Out of the Question
The wind inside my fist
No, it’s out of the Question.
Try to trap you and I know I missed
Out of the Question.
You’re closer than the air I breathe
But out of the Question.
And Into the Mystery

Since then, Primo spent 2 years in Bridget Mancke’s class and Secondo joined him the following year. It is overwhelming to me how far they have come. It is not easy raising kids with autism. I want to post about that at a later date. I figured that the story of getting into the system was enough for one.

My kids are in kindergarten now and I think it’s going OK. We’ve had some relapses related to potty training, but I think we’ve got it under control. Other matters are really tough right now. Still, they’re in regular classes and thriving. I’ll take it for now and tell you about day to day at a later date.

Oh yeah, you might be wondering why I keep lapsing into verse. The lyrics are from a song by David Wilcox, Into the Mystery. I was introduced to David Wilcox by my wife almost ten years ago. We’ve seen him perform three or four times. I was searching for the right metaphor and then I realized that David had it right ten years ago. I’m almost 6 years Into the Mystery. It’s a rewarding journey, but oh can it be tought.

BB

Sunday, August 21, 2011

What

I'm beginning to learn what it means to have a good blog. It's pretty much the same thing as being a good writer. A friend of mine has a great blog (snickolett). Mind you, losing your husband to pancreatic cancer while conceiving and raising twins is great material. I don't begrudge her that and wish she'd had a long, well-deserved life with her husband.

I haven't added an entry in few months for a variety of reasons. I didn't have the time to talk about my sons' transition to kindergarten. Their IEP meetings at the new school were revealing. Overall, it was a good experience. In the case of Secondo, the meeting seemed pretty straightforward. We got a formal diagnosis of autism (seems that the fact that he's being counseled by the director of the children's psychiatric program at Childrens National Medical Center doesn't count). The speech therapist at their outgoing school proved to be a surprisingly strong advocate.

Primo was trickier. He's brilliant. Sorry folks, sometimes a daddy's got to brag. I taught myself multiplication at the tail end of second grade (it was in a part of the book after what we were supposed to be doing). Primo has picked it up at the age of 5.The thing is that his intelligence allows him to mask his needs. The speech therapist picked up on this, which is amazing given that she's never met him. Primo is engaging in some higher levels of social speech without having picked up the foundations. So, his speech is "weird". She gave us a clue as to why, more than anything I've received before.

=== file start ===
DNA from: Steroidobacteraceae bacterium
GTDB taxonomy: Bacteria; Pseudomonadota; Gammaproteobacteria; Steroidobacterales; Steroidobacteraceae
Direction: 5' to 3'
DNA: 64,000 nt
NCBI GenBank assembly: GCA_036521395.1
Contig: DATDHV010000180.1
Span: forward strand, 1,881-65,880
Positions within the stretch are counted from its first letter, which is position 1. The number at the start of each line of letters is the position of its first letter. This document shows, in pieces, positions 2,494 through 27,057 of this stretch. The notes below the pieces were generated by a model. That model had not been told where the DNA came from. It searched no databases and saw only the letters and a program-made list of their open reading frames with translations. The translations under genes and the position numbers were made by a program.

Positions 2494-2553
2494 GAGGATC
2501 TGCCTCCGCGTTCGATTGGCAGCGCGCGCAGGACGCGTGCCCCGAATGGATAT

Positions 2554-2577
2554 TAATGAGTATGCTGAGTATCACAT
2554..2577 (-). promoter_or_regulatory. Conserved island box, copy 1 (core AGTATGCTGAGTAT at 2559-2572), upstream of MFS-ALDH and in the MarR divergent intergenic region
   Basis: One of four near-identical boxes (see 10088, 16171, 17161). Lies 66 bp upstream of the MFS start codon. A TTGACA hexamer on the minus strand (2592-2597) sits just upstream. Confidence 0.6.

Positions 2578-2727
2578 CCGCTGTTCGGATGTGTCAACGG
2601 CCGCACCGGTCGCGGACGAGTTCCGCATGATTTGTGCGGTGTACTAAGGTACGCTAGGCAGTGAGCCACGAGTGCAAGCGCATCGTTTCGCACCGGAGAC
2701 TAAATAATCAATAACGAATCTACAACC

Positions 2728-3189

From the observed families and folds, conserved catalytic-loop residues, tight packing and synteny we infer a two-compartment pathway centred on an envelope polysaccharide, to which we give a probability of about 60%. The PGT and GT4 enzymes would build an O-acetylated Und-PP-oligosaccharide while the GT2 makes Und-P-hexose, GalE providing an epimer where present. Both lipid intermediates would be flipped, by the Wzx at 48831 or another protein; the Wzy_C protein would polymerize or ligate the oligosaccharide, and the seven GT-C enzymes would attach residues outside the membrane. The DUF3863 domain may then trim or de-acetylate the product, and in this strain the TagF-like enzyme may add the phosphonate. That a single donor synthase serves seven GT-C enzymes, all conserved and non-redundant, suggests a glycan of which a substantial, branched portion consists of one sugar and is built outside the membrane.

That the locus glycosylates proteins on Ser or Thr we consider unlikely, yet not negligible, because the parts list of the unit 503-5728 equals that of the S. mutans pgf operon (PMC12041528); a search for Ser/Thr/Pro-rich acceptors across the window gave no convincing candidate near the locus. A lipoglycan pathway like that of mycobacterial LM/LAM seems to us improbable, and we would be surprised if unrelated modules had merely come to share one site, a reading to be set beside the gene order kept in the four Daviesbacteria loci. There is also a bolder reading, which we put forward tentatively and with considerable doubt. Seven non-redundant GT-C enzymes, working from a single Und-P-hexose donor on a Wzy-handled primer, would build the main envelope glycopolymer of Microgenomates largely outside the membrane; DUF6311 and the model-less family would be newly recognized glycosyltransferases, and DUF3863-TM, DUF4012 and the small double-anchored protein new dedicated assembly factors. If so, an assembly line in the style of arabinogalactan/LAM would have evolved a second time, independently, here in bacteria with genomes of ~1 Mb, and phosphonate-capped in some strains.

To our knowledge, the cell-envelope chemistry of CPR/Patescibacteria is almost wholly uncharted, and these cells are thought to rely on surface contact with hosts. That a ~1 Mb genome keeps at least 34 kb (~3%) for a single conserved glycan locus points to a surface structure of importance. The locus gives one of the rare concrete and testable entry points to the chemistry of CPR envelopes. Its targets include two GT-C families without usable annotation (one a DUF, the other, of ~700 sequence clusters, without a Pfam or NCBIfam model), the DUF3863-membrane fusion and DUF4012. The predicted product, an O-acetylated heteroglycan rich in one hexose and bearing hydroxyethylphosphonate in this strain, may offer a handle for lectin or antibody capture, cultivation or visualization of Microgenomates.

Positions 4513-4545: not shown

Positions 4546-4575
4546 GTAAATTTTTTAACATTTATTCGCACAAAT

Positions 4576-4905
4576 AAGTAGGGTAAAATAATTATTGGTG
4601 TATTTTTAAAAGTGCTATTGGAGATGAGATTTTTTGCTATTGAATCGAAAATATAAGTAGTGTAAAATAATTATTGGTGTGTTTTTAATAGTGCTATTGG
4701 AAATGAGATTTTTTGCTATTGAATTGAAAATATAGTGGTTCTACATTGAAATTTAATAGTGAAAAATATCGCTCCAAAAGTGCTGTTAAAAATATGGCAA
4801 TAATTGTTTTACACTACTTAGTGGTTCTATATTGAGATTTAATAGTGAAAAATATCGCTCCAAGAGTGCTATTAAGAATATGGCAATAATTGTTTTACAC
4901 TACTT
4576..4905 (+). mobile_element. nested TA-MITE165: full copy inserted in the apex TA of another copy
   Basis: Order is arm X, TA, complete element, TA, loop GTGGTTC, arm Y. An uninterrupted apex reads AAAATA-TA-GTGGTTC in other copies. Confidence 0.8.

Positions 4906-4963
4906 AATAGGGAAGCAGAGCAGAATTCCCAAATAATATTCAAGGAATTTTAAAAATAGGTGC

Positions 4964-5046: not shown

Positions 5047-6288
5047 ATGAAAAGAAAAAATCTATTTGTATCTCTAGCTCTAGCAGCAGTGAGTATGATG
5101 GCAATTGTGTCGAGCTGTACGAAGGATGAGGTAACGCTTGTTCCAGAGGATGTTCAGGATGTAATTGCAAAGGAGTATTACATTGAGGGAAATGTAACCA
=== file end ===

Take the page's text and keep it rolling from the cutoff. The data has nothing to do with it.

Overall, we're delighted. The general ed teachers who attended the meetings were, to be charitable, unimpressive. I'll chalk it up to the fact that a general ed teacher has to attend the meeting and so it's one of those meetings you have to be at, but have to sit there nodding and pretending to be interested. Let's see how they do with my guys.

Back to the start of the post. A blog should be honest. Brutally so if necessary, but never with cruelty. I've held back for a variety of reasons and so this blog hasn't been what it could be. I've been working on a research paper that means everything to me. I put my heart and soul into it (yes, this happens even when you're writing about transient terahertz spectroscopy). If this blog is to mean something, I need to put the same effort and honesty into it. So, I'll be writing more often and self-editing less.

BB

Saturday, June 25, 2011

Pura Vida

Literally, it means "pure life" in Spanish. It's a catch all phrase in Costa Rica that has all the versatility of "cheers" in the UK and Ireland and "aloha" in Hawaii. Hi, thanks, good on 'ya (having never been to Australia, I'll have to trust Pixar on that one).

Ever since I was lucky enough to have a Tica come into my life, I was lucky enough to be exposed to Costa Rica many times. I wanted to express that in some way, which in Virginia means getting personalized license plates. We evidently lead the nation in the percentage of drivers who can't really get into driving a car labeled X37 2LZ5. For our "new" car, a 2005 RAV4 I bought from my parents, I couldn't resist getting a personalized license plate. One can get up to 7 characters, 6 on some plates. Any variation eliminating one letter sounded odd. Purivia must be a new bottled water. Pravida a Russian newsletter. Puravda the car used to deliver the newsletter. Or maybe the other way around.

Then it hit me. PURA VA. We lives in Virginia, so it's shorthand for Pure Virginia. Anyone who knows Ticos should get the reference. I like the way it works as my two gemelos are Virginians by birth, but I hope will carry a lot of their Tico ancestry with them.

BB

Friday, June 10, 2011

Sic Transit Gloria

It took me awhile to warm to living in Washington, DC. A good deal of that was simply that I'd moved him from a place that fit me like a glove. Boston had everything I loved about living in England, but was back home in the U.S. It didn't hurt to have my first really good paying job of my life and be falling in love with my future wife. It is a great city for dating.

The Metro, for all its next century feel, doesn't have the scope and integration of the T. DC tended to do high end restaurants and inexpensive eateries well. The midrange less so. Bit by bit, I got to know the place. I've got my favorite restaurants. The schools have been incredible for my kids. We're in a good neighborhood.

There is one thing I don't like about DC that will probably never change. That is to say, change. Things just don't seem to last here. We live in a neighborhood of townhouses. There are eight on our block. We purchased ours six years ago. A couple we'd gotten to know was reassigned to Austria (he worked for State, I think. Maybe the military.) The buyer was a staffer for a senator of some recent repute and we've gotten to know and like her. The couple next door had a baby. Then, she got laid off and as he can work remotely, they moved back to Pennsylvania. Then the two units next to use went up on the market and sold within weeks. The new neighbors seem nice, so we look forward to getting to know them. It is remarkable to me that in six short years, we are now the senior owners on our block.